X-ray excursion

If you stopped by the Artifact Lab this week, you might have noticed that our falcon mummy is no longer on display, and this sign in its place:

falcon signAs indicated on the sign, the falcon has been removed for x-radiography. This mummy has never been x-rayed before, and we’re interested in using this imaging technology to learn how it was made and if there are any falcon remains inside!

Along with the falcon, we’re also going to be x-raying/CT-scanning our (possibly headless) cat mummy, the wooden statue heads, and several other pieces.

We do not have the ability to x-ray and CT-scan objects here in the museum, so we will be taking these selected pieces for a little trip tomorrow. In preparation for their travels, they are securely packed, and ready for this exciting excursion!

The falcon mummy is secured inside its storage support and packed into a larger box for travel.

The falcon mummy is secured inside its storage support and packed into a larger box for travel.

We will update the blog with our findings soon after we return.

 

Wrapping up the cat mummy

Speaking of Abydos, let’s get back to our cat mummy, which was excavated from a cemetery there back in 1901-02. Our summer intern Anna O’Neill will describe how she carried out the conservation treatment on this very fragile object:

Hello again.  You may remember that last time I wrote about this cat mummy, I got a little distracted.  But this time I’d like to focus on the treatment process.  Many of our mummies are in remarkably good condition, with wrappings that are stable and that can withstand handling (albeit with care).  Not so with this cat.

cat mummy 1When plant-based fibers age, the cellulose that gives them structure decays and the fibers become brittle.  Badly aged linen can fall apart at the lightest touch, leaving loose fragments and powder on the surface of the object.  The linen on top of this cat mummy was torn and obscured by dust, but the real problem was underneath.  Prior to treatment, Molly and I carefully turned the mummy a little so we could see below—and quickly (but gently) put it back!  As you can see in the image below, the layers of linen were falling apart and the threads that had criss-crossed the layers were broken and hanging off.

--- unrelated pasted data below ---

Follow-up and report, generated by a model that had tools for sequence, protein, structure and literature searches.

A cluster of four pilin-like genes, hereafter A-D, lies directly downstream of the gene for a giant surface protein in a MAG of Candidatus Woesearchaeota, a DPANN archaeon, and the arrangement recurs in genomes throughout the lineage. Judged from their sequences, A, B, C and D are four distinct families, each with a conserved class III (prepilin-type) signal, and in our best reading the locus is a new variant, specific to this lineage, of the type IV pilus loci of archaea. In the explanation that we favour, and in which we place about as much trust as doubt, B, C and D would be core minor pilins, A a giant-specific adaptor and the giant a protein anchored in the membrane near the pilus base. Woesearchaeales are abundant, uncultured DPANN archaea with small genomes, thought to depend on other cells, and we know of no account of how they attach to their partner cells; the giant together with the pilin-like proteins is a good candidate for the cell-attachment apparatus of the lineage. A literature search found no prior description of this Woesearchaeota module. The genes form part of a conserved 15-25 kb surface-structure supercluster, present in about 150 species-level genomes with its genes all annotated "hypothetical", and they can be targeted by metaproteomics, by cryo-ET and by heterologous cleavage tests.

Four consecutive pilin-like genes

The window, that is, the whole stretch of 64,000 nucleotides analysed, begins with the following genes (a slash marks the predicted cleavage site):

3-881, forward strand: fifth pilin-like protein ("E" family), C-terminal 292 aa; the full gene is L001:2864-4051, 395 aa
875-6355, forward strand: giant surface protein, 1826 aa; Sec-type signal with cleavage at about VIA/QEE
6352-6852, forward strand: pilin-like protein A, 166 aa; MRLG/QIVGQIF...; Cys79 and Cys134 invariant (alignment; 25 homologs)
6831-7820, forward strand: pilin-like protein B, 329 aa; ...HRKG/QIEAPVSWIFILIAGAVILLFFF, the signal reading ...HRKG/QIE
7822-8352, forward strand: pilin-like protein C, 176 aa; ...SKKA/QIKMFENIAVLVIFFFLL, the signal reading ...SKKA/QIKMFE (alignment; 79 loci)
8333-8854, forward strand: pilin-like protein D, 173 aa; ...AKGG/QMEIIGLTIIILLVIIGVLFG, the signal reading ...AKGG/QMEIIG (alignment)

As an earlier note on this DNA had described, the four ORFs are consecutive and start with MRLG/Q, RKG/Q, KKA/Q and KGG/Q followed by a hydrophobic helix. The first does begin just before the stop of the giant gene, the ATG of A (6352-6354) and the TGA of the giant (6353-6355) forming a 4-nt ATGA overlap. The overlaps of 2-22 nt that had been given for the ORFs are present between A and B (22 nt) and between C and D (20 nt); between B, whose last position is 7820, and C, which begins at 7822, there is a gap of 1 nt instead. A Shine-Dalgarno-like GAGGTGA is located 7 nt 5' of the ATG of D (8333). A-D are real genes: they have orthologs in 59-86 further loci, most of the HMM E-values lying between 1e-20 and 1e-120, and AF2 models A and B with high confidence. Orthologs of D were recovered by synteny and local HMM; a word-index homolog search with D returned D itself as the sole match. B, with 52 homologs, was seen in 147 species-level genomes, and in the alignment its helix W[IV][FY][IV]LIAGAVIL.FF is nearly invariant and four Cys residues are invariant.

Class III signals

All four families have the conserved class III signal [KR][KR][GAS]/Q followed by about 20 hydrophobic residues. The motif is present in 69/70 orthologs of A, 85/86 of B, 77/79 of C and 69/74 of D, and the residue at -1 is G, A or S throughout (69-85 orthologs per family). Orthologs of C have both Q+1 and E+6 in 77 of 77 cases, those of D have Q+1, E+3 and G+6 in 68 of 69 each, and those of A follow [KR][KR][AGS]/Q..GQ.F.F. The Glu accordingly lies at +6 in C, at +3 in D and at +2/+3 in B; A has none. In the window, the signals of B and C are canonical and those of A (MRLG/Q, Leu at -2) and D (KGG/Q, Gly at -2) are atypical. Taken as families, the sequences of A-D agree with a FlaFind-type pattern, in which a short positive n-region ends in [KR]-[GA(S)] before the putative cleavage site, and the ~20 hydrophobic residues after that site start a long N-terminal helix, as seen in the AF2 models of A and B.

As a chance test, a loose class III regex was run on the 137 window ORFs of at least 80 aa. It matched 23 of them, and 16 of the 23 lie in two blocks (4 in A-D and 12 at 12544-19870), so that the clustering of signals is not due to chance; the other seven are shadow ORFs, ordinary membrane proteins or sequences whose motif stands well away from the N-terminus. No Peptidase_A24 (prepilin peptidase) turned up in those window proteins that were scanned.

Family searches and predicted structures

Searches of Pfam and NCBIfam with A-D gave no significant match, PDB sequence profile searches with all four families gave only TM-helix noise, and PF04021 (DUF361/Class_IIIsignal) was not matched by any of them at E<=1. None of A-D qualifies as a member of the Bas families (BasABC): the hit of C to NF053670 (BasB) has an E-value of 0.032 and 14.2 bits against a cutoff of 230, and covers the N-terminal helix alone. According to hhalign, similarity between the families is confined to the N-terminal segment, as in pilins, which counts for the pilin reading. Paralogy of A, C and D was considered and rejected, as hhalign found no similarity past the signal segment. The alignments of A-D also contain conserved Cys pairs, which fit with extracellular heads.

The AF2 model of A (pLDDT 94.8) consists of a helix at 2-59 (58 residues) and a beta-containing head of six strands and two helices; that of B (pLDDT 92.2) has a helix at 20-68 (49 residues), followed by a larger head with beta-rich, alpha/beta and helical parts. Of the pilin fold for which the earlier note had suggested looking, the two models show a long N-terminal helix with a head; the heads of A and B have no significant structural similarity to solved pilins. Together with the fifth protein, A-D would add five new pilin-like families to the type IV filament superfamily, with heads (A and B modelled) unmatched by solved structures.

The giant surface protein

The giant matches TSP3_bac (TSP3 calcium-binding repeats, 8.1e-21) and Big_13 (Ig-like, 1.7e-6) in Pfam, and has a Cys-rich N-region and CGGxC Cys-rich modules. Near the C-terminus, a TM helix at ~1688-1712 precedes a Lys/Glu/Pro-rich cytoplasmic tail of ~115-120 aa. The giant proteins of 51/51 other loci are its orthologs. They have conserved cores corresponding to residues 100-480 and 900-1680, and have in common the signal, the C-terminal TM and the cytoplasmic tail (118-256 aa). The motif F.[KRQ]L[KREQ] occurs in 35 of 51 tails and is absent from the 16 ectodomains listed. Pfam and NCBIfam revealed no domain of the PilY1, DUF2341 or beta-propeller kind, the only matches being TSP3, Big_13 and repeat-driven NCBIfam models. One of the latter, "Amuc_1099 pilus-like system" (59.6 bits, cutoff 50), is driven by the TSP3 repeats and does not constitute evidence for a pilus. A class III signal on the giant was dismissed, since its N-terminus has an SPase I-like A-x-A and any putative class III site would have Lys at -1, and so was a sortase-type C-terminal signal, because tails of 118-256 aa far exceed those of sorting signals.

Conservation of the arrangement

cat mummy 2We decided to wrap the mummy in nylon netting, which would hold everything in place while keeping the surface visible.  This would be a non-invasive, completely reversible process that would allow the mummy to be safely handled and studied.

Before wrapping, I gave the mummy a light surface cleaning with a variable-speed HEPA-filtered vacuum.  Using a nozzle attachment fitted with a screen, I carefully removed the powder on the top of the mummy.  The linen—though torn—was still soft and flexible, like modern fabric.

cat mummy 3Then, I toned the netting to match the color of the mummy using acrylic paint.  Once the paint was dry, I positioned the netting across the top of the mummy and pinned it in place.  The flip was simple but nerve-wracking—we knew from our quick peek earlier that the underside was in bad shape, but we didn’t know to what extent.  With Molly’s help, I turned the mummy over so that all of the powder, torn linen and broken threads were now on top.

cat mummy 4Since the thick layer of compressed linen powder completely obscured the wrappings below, I again vacuumed the mummy, using a screen to filter out the powder while keeping everything else in place.  A vacuum may seem like an odd conservation tool (I got some weird looks as I hoovered the cat), but with the filter over the nozzle and variable suction control, there’s no danger of sucking up the entire object.

cat mummy 5

The underside of the mummy after cleaning. It may not look like much, but it’s better!

With the underside of the cat finally visible, I sewed the netting up the middle using a flat-felled seam.  As the name implies, this created a neat seam with a flat profile.

cat mummy 6

Overall view of the underside of the cat mummy (after treatment)

Overall view of the top of the cat mummy (after treatment)

Overall view of the top of the cat mummy (after treatment)